The new Rosen1 technique of mobilization of the stapes in otosclerotic deafness has stimulated the interest of all otologists. At first, the idea of mobilizing a securely fixed stapes and expecting it to stay mobile did not seem possible. Nevertheless, the early results were encouraging because it was clearly demonstrated that normal or near normal hearing could be obtained by reestablishing ossicular conduction. The next step was to do sufficient numbers of cases and wait so that time itself could be the final judge.
My first report on this subject appeared in the Archives, in May, 1955,2 at which time 50 consecutive cases were reviewed with audiograms of all those that were successful. The first case was done in March, 1954, two and one-half years ago. Since then, a total of 500 operative cases have been performed and observed, so that now certain conclusions can be fairly definitely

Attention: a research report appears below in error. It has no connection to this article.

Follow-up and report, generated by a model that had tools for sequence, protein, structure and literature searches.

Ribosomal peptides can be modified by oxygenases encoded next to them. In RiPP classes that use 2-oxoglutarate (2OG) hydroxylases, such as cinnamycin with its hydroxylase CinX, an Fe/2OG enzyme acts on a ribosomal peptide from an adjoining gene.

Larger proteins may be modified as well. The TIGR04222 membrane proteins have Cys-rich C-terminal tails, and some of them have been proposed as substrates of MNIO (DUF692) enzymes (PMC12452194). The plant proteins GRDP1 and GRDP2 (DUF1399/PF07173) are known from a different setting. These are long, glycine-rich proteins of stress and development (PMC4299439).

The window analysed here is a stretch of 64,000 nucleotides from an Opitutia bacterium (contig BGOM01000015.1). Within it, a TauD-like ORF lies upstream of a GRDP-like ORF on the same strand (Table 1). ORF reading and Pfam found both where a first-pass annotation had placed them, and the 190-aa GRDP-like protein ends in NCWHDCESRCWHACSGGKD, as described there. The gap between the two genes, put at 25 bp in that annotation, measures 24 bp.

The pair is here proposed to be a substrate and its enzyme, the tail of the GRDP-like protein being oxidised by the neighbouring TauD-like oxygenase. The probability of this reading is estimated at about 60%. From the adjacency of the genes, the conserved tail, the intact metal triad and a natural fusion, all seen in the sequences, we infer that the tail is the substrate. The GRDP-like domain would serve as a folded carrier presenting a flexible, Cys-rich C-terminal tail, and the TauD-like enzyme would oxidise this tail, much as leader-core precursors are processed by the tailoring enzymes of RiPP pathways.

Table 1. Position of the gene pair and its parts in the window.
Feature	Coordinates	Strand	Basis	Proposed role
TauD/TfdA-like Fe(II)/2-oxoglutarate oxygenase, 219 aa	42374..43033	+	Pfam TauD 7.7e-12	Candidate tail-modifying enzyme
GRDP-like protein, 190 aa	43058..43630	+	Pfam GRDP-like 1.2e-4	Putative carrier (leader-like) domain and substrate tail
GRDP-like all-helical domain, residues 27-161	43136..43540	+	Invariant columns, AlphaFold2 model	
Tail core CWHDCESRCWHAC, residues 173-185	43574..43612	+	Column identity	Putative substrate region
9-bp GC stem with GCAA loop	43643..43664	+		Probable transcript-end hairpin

SCHEER AA. Observations of Five Hundred Cases of Transtympanic Mobilization of the Stapes. AMA Arch Otolaryngol. 1957;65(3):245–254. doi:10.1001/archotol.1957.03830210043007
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